Former captain Foley, currently discussing a one-year extension to the two-year contract he signed when succeeding Rob Penney as the province’s head coach in the summer of 2014, presided over Munster’s elimination from this season’s Champions Cup on Saturday when his side were humiliated 27-7 by 14-man Stade Francais in Paris.
It was a shambolic performance from his players against a side that has struggled in its defence of the Top14 title in France and which featured three academy players and missed a number of key frontliners including Willem Alberts, Will Genia, and Pascal Papé.
Stade even looked better equipped than the Irish visitors when they went a man down on the stroke of half-time following Josaia Raisuqe’s red card and scored two second-half tries as Munster’s defence disintegrated and its offence failed to exploit its numerical advantage, butchering one try with a forward pass from Francis Saili and narrowly avoiding the ignominy of becoming the first Munster side not to score in 21 seasons of European competition when Conor Murray grabbed a late try.
After a miserable run of five straight defeats was ended by a narrow victory over Ulster in Belfast the previous weekend, this was a resumption of the malaise and a deflated and raw Foley, 42, admitted afterwards: “It’s about results and I’ve said it before and I’m clear on it, if I don’t feel I can get results there’s no point in being here.
“I’ve been brought up here. I’ve been here a long time, coming through the schools and everything. It’s about winning, it’s not about people, it’s about getting results. It doesn’t matter.
“Sport has no memory, no conscience, it doesn’t care. You’ve got to be able to do a job and get results.”
Clearly delivered in the emotional moments of a post-match defeat, Foley was asked to clarify whether he was genuinely considering his future at Munster.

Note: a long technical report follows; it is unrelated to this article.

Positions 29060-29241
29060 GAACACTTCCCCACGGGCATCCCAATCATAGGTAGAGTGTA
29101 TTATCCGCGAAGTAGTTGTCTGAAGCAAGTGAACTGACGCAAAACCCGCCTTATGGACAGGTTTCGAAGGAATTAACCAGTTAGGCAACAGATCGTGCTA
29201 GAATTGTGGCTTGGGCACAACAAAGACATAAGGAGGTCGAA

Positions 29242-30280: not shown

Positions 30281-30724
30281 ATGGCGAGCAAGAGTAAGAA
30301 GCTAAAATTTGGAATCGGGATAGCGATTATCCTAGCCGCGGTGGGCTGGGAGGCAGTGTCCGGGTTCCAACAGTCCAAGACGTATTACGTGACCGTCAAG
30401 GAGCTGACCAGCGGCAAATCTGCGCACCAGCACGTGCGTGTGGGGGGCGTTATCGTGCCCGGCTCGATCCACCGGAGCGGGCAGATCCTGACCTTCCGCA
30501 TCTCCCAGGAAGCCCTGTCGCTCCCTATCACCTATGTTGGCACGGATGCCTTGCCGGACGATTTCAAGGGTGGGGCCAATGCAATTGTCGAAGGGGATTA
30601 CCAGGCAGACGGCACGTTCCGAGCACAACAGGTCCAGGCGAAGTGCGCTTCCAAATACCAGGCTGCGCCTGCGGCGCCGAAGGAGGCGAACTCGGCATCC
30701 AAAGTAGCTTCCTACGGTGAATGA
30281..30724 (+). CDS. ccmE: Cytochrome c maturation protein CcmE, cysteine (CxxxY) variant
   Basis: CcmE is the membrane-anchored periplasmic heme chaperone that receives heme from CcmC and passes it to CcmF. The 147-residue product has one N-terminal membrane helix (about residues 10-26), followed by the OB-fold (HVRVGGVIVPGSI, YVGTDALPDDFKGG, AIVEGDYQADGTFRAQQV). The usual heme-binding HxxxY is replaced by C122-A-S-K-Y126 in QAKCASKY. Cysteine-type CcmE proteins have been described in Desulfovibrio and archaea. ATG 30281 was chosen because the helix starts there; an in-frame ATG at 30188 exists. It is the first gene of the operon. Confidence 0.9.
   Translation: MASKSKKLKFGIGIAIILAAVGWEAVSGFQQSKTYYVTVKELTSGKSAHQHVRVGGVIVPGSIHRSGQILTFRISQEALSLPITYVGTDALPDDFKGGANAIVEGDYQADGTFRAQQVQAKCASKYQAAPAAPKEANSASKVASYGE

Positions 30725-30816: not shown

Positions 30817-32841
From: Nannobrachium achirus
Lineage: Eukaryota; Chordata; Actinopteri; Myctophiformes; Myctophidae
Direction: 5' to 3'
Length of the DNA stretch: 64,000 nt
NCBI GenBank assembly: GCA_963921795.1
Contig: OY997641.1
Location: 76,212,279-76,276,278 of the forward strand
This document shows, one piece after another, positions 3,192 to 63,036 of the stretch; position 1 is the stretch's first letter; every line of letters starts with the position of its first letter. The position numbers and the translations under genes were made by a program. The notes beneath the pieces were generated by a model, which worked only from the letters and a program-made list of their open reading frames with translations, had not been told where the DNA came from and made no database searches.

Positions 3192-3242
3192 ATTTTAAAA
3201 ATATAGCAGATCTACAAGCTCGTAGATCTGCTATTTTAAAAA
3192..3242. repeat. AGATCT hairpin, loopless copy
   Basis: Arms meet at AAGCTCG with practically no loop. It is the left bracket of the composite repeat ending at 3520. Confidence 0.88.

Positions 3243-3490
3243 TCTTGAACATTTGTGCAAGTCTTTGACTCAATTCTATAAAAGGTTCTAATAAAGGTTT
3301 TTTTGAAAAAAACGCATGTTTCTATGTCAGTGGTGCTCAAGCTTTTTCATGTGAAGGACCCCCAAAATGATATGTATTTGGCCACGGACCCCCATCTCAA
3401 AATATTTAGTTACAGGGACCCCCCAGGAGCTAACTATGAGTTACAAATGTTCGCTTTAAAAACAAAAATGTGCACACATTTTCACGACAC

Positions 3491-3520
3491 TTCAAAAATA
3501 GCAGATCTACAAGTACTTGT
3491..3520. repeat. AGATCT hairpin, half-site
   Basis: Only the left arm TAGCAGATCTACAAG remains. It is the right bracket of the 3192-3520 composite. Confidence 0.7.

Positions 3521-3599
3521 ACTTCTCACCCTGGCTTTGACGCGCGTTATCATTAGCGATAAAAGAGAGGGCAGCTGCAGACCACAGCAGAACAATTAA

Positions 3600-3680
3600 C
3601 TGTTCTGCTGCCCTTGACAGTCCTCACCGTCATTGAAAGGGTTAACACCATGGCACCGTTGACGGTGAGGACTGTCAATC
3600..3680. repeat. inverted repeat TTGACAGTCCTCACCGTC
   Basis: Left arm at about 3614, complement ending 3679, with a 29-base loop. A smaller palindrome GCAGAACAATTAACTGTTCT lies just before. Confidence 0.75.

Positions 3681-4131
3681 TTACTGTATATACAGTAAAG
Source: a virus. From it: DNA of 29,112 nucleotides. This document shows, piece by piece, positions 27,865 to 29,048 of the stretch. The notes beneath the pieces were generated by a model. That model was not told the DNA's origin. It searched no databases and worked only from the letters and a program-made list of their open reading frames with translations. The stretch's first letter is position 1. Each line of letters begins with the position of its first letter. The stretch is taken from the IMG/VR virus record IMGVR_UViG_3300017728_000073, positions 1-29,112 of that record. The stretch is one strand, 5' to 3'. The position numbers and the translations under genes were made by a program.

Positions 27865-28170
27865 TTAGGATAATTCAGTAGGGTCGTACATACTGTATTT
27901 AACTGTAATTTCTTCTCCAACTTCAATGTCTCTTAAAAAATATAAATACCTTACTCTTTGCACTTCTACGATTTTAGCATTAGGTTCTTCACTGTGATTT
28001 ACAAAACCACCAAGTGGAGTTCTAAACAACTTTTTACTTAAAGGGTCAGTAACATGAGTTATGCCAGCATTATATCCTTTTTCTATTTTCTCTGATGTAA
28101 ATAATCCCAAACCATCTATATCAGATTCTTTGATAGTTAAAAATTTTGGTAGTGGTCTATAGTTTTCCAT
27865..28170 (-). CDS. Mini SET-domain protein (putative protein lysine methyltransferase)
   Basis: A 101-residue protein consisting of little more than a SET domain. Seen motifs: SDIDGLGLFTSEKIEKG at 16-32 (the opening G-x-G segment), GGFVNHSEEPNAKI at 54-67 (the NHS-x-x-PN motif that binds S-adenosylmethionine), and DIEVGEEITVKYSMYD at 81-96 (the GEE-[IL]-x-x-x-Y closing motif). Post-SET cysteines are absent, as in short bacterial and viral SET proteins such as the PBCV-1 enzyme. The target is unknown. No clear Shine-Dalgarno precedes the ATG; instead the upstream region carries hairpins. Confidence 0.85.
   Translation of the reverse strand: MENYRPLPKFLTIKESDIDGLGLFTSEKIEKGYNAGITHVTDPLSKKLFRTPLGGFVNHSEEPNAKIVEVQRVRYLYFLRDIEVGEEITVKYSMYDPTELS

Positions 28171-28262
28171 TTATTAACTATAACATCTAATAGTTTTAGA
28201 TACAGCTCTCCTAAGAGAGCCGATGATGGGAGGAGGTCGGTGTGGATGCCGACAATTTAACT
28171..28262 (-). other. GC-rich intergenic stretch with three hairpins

“Oh yeah,” he replied, “I’ve just answered the question. Its about looking at everything, I do it on a weekly basis and nearly do it on a daily basis now at this stage.” Foley backed his players, insisting he had not felt let down by them but he has to somehow pick up the pieces from a second successive European exit at the pool stage and prepare his charges for a return fixture with Stade in Limerick on Saturday. That will see Munster looking to avoid a fourth straight defeat at Thomond Park in what is, for them, a dead rubber.
Only pride is on the line for Munster in that regard and the following week at Treviso before the focus returns to the league and a chance for redemption with a run to the Pro12 final.
“We need something,” Foley said. “We were having the same conversation this time last year, around trying to get out of our group, so we need to change something.” He then made a plea to supporters ahead of next weekend’s clash with Stade, adding: “Come out and support us. I think it’s important that we show force and we come out and the boys will turn up and do the best they can.”